Specific properties that separate engineering films from their commodity counterparts include greater tensile and impact strength; improved moisture and gas barrier characteristics; good heat resistance and weatherability; better bonding and lamination; and improved electrical ratings. One or more of these properties can be obtained by choosing from a number of different polymer films.
Several melt-processible engineering thermoplastic films such as oriented polyester, oriented nylon, and unoriented nylon, exhibit high strength especially at high temperatures. In addition, they provide toughness at low temperatures, stiffness and abrasion resistance, and good chemical resistance. Polyester film is made from the PET polymer, principally by Du Pont (Mylar) and ICI (Melinex). The monomer is polymerized, extruded, cast into a web, and biaxially oriented, forming a drawn polyester film.
Oriented polypropylene, a thermoplastic with low specific gravity, has excellent resistance, relatively high melting point, and good strength. Polycarbonate film is specified for its toughness, clarity, and high heat-deflection temperature.
Polyimides, both thermoplastics and thermosets, retain their principal properties over a wide temperature range. Polyimide films are available from ICI (Upilex) and Du Pont (Kapton). They have useful mechanical properties, even at cryogenic temperatures. At -453 °F, the film can be bent around a …-in. mandrel without breaking and, at 932 °F, its tensile strength is 4,500 psi. Room-temperature mechanical properties are comparable to those of polyester film.
To minimize transmission of moisture vapors, fluoropolymers are the best choice. This family of materials has a general paraffinic structure with some or all of the hydrogen atoms replaced by fluorine.
Polyetheretherketone (PEEK), a high-performance thermoplastic, offers outstanding thermal properties as well as resistance to many solvents and proprietary fluids. This film can be used for interbonding or cladding in PEEK structural components. Thermoplastic and thermoset acrylics are noted for exceptional clarity and weatherability, and also offer favorable stiffness, density, chemical resistance, and toughness.
Film produced from PEEK resins (ICI's Stabar) can be laminated to itself or to other substrates. Bond strength depends on surface preparation and adhesive type. The film is available in a transparent, thermoformable grade and in a higher-temperature, heat-stabilized version, which is more crystalline and less transparent (also thermoformable).
Plastic film can be manufactured from almost any resin, but not every resin produces an engineering film. Generally, a resin-based film's properties are related to the chemistry of the basic polymer; however, properties may be further affected by subsequent processing techniques. Manufacturers can choose from, and end users can specify, a range of process treatments that significantly enhance heat stability, mechanical properties, electrical characteristics, barrier properties, and bondability.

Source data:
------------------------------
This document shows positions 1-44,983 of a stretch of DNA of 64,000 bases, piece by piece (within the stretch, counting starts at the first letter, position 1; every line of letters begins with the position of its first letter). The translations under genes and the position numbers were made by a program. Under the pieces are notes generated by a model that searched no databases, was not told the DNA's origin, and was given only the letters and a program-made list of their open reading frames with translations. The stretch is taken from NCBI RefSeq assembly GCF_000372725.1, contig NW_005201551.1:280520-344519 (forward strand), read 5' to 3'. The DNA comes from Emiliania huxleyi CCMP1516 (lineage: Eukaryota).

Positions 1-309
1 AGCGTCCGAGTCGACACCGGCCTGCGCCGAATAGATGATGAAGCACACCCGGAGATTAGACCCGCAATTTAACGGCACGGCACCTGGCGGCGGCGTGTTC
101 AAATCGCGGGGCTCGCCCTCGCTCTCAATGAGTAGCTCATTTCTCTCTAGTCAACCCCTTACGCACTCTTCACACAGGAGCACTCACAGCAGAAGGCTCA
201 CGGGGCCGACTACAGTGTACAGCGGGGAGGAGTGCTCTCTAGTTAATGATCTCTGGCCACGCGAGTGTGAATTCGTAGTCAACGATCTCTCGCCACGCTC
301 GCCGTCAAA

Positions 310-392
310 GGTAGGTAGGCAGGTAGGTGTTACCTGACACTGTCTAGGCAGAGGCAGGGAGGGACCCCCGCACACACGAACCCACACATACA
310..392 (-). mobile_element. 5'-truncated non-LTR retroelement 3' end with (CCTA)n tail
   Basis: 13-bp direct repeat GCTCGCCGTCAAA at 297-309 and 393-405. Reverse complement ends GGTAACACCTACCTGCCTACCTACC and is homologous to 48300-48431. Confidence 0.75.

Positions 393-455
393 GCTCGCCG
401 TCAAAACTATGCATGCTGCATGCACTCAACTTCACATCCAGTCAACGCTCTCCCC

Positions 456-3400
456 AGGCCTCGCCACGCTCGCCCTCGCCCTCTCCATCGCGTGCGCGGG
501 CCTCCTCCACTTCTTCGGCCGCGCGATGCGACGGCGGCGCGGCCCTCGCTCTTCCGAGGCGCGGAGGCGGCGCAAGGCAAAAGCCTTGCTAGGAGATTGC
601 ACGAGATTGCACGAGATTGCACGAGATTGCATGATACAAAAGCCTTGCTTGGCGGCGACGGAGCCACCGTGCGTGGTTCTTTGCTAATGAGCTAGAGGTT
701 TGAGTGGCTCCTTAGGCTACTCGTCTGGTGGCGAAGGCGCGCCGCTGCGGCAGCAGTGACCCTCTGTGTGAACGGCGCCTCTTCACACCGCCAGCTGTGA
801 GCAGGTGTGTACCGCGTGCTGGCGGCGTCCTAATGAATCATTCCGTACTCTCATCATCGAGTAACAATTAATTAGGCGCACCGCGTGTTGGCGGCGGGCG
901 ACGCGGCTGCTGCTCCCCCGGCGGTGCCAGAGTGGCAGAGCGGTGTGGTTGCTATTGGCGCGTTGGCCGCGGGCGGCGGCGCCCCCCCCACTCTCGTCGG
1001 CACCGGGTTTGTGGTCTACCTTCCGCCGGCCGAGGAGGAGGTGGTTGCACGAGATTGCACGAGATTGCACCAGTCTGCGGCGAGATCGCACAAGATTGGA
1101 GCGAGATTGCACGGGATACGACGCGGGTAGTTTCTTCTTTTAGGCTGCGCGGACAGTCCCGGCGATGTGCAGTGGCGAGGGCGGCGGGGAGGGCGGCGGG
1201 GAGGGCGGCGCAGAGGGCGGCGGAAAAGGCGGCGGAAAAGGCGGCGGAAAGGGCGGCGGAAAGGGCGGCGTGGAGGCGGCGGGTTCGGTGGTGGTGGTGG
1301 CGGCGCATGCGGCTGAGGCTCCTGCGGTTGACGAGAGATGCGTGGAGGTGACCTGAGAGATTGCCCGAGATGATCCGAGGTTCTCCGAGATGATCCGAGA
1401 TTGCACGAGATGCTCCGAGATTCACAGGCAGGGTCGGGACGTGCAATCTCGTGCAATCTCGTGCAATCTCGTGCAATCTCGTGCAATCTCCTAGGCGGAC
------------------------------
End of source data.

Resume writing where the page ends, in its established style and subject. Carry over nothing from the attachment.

Coatings are typically applied by emulsion, solvent, and dry methods. Results vary according to the formula used: PVDC coatings improve barrier properties; polyurethane improves abrasion resistance; and aluminum coatings alter electrical characteristics.
Some processors have developed proprietary antistatic coatings that are cured by electron-beam radiation. Metal coatings produce conductive capabilities and also enhance barrier properties. Often, metallization is used to improve moisture-barrier properties for biaxially oriented nylon and polypropylene.
Surface treatment, which removes low-molecular-weight residue, improves adhesion and appearance. Several methods may be used. Corona discharge techniques position the film between an electrically grounded roller and a high-voltage electrode. A continuous-arc discharge (corona) is generated to clean and activate the film surface.
In gas-plasma surface treatments, film is placed in a reaction chamber. After evacuation, the chamber is charged with oxygen, argon, helium, or nitrogen while a radio-frequency field ionizes the gas. A resultant glow discharge creates free radicals on the surface, improving adhesion.
Film can be passed over a bank of flame jets to activate the surface and burn off contaminants. Other surface preparation techniques include polishing and embossing by roller.
Additionally, performance films combine base-resin properties with advantages unique to the film form. A film may be selected both for its dielectric properties and for its usefulness as a bonding material, thus serving two needs. Fabrication techniques such as coextrusion and lamination produce a film with the best properties of two or more individual films -- strength combined with barrier properties and optical clarity, for example.
The addition of various modifiers and pigments comprise another method for improving film performance. These are blended into the resin melt or introduced at the extruder, supplying the end film with specific characteristics. UV and heat stabilizers are among the most useful additives.
Applications: for engineering films span a broad spectrum of industrial uses. Film-based products appear in photographic, business graphic, reprographic, and electronic imaging systems. Magnetic-media manufacturers also rely on high-quality flexible films to produce their information-handling products. Packaging end users receive product protection, extended shelf life, and visual impact from a variety of films. In the electronics industry, films are used to construct components such as membrane switches.
Transparent PEEK film is used for a missile nose cone because of its microwave transmittance and resistance to rain erosion. Potential applications for the crystalline grade include helicopter-rotor blade cladding, fine-line microwave circuits, and aircraft interior panels.